I need to do a follow-up to the “Forgive and Forget?” article that was published earlier this week. The reason that forgetting an incident is not an integral part of forgiving the incident is that all behavior has consequences. Let’s use as an example the individual who chooses to drive a vehicle while intoxicated or become otherwise distracted such as texting while driving. Either as a result of intoxication or distraction let’s assume that the individual runs over and kills a pedestrian. From either a biblical or a psychological perspective the individual can be forgiven either through confession and repentance in the biblical sense or the family of the victim may offer forgiveness for the act.
We’re told biblically that we are freed from the penalty of behaviors (sin in biblical terms) through forgiveness; however we are not freed from the consequences of those behaviors. We are told that that forgiveness puts us in a position, in God’s eyes, as if the sin had never occurred. In the example above, forgiveness, even God’s forgiveness, does not restore to life the person who was killed nor does it give a reset to the memories of all involved parties as if the behavior never occurred.
In my practice I often deal with the aftermath of behaviors that have been forgiven but not forgotten. Infidelity in a marriage is an act that can be forgiven; however the consequences of loss of trust, broken promises, emotional damage and, in some cases, pregnancies do not go away with the forgiveness. While trust can be rebuilt and emotions healed, some of the consequences impact completely innocent individuals.
Unwanted pregnancies, whatever the cause, (infidelity, adultery or sexual assault) have long-lasting consequences. In our throwaway culture we have come to believe that terminated pregnancies are the equivalent of a reset in people’s lives. The truth is that there are often long-term consequences to either abortion or carrying the baby to term. The mothers, regardless of the circumstances, are left to bear (pun intended) the brunt of the consequences. In the event of an abortion there are often long-term feelings of guilt or remorse. If the child is carried to term then the issues of adoption or single parenting have to be considered.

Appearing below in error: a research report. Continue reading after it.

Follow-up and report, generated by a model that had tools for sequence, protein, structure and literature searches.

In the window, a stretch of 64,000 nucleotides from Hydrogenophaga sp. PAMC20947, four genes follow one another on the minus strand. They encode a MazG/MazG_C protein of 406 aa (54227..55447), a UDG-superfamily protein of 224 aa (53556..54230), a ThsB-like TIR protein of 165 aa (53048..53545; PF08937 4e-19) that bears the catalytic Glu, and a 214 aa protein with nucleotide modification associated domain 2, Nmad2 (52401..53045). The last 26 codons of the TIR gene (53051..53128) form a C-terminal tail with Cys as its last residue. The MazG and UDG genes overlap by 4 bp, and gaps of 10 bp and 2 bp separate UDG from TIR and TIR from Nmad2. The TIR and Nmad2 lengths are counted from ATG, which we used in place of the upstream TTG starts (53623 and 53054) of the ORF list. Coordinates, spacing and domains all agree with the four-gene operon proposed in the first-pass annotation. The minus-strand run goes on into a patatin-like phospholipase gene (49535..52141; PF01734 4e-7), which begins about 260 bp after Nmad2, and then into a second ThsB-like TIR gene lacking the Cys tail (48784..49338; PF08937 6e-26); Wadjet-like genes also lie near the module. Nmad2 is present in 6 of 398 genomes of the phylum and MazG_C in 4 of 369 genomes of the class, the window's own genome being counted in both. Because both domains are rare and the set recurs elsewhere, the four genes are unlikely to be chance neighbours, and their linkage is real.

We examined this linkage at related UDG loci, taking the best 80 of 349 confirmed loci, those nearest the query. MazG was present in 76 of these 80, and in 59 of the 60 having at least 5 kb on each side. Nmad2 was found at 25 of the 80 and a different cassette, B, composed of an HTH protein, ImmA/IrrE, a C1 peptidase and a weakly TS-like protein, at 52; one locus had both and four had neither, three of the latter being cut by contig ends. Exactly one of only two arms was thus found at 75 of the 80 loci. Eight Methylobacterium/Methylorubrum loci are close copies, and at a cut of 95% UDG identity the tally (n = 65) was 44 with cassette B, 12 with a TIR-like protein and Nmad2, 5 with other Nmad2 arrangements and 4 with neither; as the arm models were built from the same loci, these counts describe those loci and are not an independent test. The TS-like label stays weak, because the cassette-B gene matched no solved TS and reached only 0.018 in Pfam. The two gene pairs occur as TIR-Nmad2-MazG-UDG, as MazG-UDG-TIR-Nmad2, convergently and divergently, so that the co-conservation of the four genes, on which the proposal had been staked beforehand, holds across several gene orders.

It is my understanding that two of the most common predictors of poverty for young woman are single parenting and lack of education. It is a reality that children who are left with only one parent, regardless of the circumstances, often have long-term issues with abandonment and attachment.
Children that are raised in poverty or single-parent homes are more likely to be involved in the commission of crimes as well as being the victim of crimes. These children did not ask to be involved with adults who made decisions that are irresponsible and of which the children had no input. They are simply left to deal with the emotional and physical fallout of that decision-making process; in other words, the consequences of behavior.
In short, the ripple effect of the consequences of behavior will go on for generations. Your decision to drive while intoxicated, text while driving, create unwanted pregnancies or an infinite number of other decisions that affect innocent people will likely create consequences for people you don’t know, for times that you cannot imagine.
I believe that life is built on choices and that you are the product of the consequences of all of the choices you have ever made. I have made that statement to scores of college students and clients but will now add the caveat that the consequences of decisions of others have affected you and your decisions have affected others.
My call to action here is to imagine your life as if it were the result of a plan. If your life is not where you planned it to be, rethink the decisions you have made and then plan to make decisions with more positive outcomes. If the results of your decisions have caused grief in other people’s lives, take responsibility for those actions and seek guidance in how to do damage control for them. You do not have the right to create grief in someone else’s life but you do have the responsibility to take accountability for the grief you have caused.
Manage your life and the need for damage control is greatly reduced.